Prompt antibiotic treatment prevents surgery in preseptal, orbital cellulitis
Differential diagnosis of preseptal and orbital cellulitis show “extremely sensitive” clinical presentation and C-reactive protein (CRP), according to a study, noting that prompt initiation of intravenous antibiotics is required and helps prevent surgical procedures even in those with incipient abscesses.
The authors retrospectively reviewed patients admitted to a tertiary hospital over a 15-year period, from January 2004 to October 2019. A total of 198 patients with preseptal and 45 with orbital cellulitis were included. Descriptive statistics were carried out to analyse the available data.
The authors found statistically significant differences between patients with preseptal and orbital cellulitis with regard to age (3.9±2.14 vs 7.5±4.24 years), presence of fever (51.5 percent vs 82.2 percent), and pre-existing sinusitis (2 percent vs 77.8 percent; p<0.001 for all). Notably, diplopia, ophthalmoplegia, and proptosis presented only among those with orbital cellulitis (p<0.001).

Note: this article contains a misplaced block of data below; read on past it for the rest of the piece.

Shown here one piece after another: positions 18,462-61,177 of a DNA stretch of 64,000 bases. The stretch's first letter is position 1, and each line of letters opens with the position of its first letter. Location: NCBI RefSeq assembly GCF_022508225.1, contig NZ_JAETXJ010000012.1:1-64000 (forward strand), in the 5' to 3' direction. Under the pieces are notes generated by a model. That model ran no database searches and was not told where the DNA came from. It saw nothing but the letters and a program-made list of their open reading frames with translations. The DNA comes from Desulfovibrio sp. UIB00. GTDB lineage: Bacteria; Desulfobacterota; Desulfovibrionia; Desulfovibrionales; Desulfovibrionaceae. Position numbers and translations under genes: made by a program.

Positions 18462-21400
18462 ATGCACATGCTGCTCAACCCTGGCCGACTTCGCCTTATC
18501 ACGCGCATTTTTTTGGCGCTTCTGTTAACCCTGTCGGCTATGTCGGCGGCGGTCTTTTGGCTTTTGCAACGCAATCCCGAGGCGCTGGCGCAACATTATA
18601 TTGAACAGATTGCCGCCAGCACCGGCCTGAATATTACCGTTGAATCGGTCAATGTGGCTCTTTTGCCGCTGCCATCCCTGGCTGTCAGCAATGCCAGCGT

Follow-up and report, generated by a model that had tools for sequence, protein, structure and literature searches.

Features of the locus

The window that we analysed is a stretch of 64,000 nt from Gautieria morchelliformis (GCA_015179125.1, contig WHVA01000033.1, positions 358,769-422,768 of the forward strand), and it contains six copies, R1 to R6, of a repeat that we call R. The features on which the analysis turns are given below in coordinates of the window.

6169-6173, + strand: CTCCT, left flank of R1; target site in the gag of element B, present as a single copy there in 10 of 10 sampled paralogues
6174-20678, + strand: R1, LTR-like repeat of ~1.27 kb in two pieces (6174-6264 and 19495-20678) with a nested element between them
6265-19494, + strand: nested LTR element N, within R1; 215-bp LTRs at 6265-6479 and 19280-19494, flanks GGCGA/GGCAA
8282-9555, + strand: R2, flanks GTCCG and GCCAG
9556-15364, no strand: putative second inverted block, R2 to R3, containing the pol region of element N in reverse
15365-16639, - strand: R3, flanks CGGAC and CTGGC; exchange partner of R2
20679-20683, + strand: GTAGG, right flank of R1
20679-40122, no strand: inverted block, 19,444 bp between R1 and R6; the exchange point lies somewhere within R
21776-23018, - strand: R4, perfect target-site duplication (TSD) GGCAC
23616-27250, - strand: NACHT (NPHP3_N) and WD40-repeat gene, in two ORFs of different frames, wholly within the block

Furthermore, the median values of CRP were significantly higher in children with orbital vs preseptal involvement (136.35 vs 17.85 mg/L; p<0.0001). A cutoff point of >120 mg/L was achieved for orbital cellulitis.
Early computed tomography scans conducted in 75.6 percent of patients with suspected orbital cellulitis succeeded in detecting complications at an early stage. Abscesses were found in 70.6 percent of patients, particularly medial subperiosteal abscesses (58.8 percent).
Intravenous antibiotics were administered to all patients, with corticosteroids being much preferred by patients with orbital implication (73.3 percent vs 8.6 percent; p<0.001). Of note, only 26.7 percent of patients needed additional surgery.
“Preseptal and orbital cellulitis are two types of infection surrounding the orbital septum with very different potential outcomes,” the authors said.